8. Use high quality magnesium. Magnesium is a bona fide anti-stress mineral. It helps optimize circulation and blood pressure, balance blood sugar, relax tense muscles, reduce pain and calm the nervous system. Yet, because it has so many functions, it tends to get depleted from the body quickly. Magnesium is likely the #1 mineral deficiency in our world today. And getting your magnesium levels up can almost instantly reduce your body’s stress load and improve the quality of your sleep. Because a large percentage of magnesium is lost in the digestive process, the ideal form of magnesium is transdermal from supercritical extracts. More info here: Benefits of Magnesium

9. Get it blacked out. Having light sources of any type in your bedroom can disrupt your sleep patterns. And even using an eye mask is not going to be 100% effective for most people. Your skin has receptors that can pick up light. If there’s light in your bedroom, your body is picking it up and sending messages to your brain and organs that can interfere with your sleep. The best solution is: black it out! Get some popular blackout curtains and get any other sources of non-stop light out of your room. Sleep experts suggest that your room be so dark that you can’t see your hand in front of your face. This is the one thing that instantly has a beneficial impact on sleep.

10. Create a sleep sanctuary. Stop making your bedroom the entertainment hub of your house. And NEVER bring work to bed with you. Humans are creatures of habit and habitat. If you create the environment where miscellaneous activities can take place in your sleep area, you are not creating a neuro-association that it’s time to sleep when you go in here. We are all just super size babies with the same basic programming. Make your bedroom a sacred place where peace, calm, and relaxation are overflowing. When you walk into a sleep sanctuary it’ll be easy to peacefully drift off to your dreams.

11. Have a big “O”. This is the other primary thing that the bedroom should be used for. Having an orgasm is like a full-on sedative for most people. There’s a rush of relaxing hormones and endorphins when you release, and it’s just the thing to set you up for a great night’s sleep. And you don’t need anyone else to do this!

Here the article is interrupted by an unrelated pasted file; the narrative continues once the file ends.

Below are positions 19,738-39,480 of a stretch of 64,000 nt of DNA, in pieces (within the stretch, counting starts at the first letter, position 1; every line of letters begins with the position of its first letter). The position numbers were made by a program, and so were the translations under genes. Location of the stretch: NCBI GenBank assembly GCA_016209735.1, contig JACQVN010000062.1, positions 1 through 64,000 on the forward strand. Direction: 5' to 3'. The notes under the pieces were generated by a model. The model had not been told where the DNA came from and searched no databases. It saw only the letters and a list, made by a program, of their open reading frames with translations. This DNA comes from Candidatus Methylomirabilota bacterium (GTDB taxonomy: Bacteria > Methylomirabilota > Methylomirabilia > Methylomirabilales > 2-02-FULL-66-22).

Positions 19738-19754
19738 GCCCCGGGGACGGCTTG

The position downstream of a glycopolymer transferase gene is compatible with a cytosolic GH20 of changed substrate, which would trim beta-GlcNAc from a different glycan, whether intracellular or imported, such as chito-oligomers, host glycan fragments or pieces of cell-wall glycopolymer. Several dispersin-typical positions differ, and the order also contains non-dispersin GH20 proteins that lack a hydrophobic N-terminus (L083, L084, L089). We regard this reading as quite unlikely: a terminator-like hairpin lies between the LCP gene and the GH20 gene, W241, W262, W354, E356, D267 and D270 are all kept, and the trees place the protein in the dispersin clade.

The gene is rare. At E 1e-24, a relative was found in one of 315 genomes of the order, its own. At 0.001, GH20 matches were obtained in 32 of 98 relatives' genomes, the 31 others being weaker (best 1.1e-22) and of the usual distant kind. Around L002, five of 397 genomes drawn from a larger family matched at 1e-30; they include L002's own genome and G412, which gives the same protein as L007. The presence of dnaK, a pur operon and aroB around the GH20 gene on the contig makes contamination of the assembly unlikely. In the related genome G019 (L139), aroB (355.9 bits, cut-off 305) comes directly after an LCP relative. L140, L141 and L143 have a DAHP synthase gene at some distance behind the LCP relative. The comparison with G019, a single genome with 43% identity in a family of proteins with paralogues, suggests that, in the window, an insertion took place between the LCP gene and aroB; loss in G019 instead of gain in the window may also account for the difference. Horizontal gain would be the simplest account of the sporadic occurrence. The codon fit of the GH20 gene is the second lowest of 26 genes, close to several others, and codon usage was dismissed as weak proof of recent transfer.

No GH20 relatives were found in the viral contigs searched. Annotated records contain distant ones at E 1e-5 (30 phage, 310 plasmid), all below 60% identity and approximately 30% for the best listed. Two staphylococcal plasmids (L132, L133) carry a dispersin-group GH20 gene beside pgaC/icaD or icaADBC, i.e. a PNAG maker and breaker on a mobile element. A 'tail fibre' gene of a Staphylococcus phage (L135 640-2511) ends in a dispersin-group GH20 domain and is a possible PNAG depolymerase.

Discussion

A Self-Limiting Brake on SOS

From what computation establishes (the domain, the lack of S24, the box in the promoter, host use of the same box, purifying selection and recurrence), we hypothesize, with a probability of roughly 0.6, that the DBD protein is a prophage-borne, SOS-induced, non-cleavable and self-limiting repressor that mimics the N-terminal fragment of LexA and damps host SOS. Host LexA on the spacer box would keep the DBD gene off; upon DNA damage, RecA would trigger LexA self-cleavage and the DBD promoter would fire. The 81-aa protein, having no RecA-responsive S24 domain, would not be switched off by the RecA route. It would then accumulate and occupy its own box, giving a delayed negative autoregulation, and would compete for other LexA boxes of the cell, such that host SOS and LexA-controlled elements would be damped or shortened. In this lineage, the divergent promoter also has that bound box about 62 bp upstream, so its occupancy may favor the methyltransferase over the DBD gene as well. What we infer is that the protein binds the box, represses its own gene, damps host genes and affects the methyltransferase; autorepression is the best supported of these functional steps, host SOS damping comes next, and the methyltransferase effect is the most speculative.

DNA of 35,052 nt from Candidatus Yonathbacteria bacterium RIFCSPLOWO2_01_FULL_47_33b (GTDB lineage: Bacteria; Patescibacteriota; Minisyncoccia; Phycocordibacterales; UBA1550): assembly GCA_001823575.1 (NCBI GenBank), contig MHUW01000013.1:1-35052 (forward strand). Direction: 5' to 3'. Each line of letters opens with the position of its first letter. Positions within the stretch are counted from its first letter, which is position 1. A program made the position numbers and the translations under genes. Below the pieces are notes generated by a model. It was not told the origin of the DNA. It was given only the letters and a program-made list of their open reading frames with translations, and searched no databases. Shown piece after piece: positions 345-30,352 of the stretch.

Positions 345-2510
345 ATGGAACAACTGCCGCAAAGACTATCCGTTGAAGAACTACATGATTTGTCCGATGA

12. Train hard (but smart). You can kick ass all day in the gym, but you’ll never get the body you want until you get your sleep in order. Instead of long-duration cardio, temporarily banning it and focusing on heavy, superset-style strength training workouts that are short but intense can change everything and cutting your training off at 5 pm can reset your circadian rhythms and have you sleeping like a baby.

13. Get your “friends” out of your room. Numerous studies have confirmed that the electromagnetic fields or electromagnetic noise coming from our everyday electronic devices can cause disruption of communication between the cells in our body. This means you can have everything from hormonal problems to cancer showing up by being exposed to these things too long. And even knowing this, so many people whine and moan when they find out they need to get these devices out of their bedroom to protect themselves. If being healthy and not having a chronic disease is important to you, then you’ll do this. Television, laptops, cell phones, all of these things are kicking out radiation that is disrupting your sleep.

14. Have a high protein, low carb snack close to bed time. If you want to get truly restful sleep, one of the worst things you can do is eat right before bed. Give your body a solid 90 minutes (more is better) before heading off to bed after eating. This is especially true if you’re eating carbs because the inherent blood sugar spike will cause a sharp drop in blood sugar later… and if you happen to be asleep when this hypoglycemia hits, it will likely wake you up and give you trouble falling back asleep. If you must have something shortly before bed (again, at least 90 minutes) then go with a high protein food. The amino acids in the protein food (like tryptophan) can actually aid in getting a more beneficial sleep.

15. No glove, no love (for your feet). Even though the room temperature would ideally be cooler to induce great sleep, some people can trigger sleeplessness because their extremities are too cold. This is because blood flow is the primary method of distributing heat throughout the body. If your hands and feet are too cold, it could be a sign of poor circulation. The solution: wear a pair of warm socks to bed.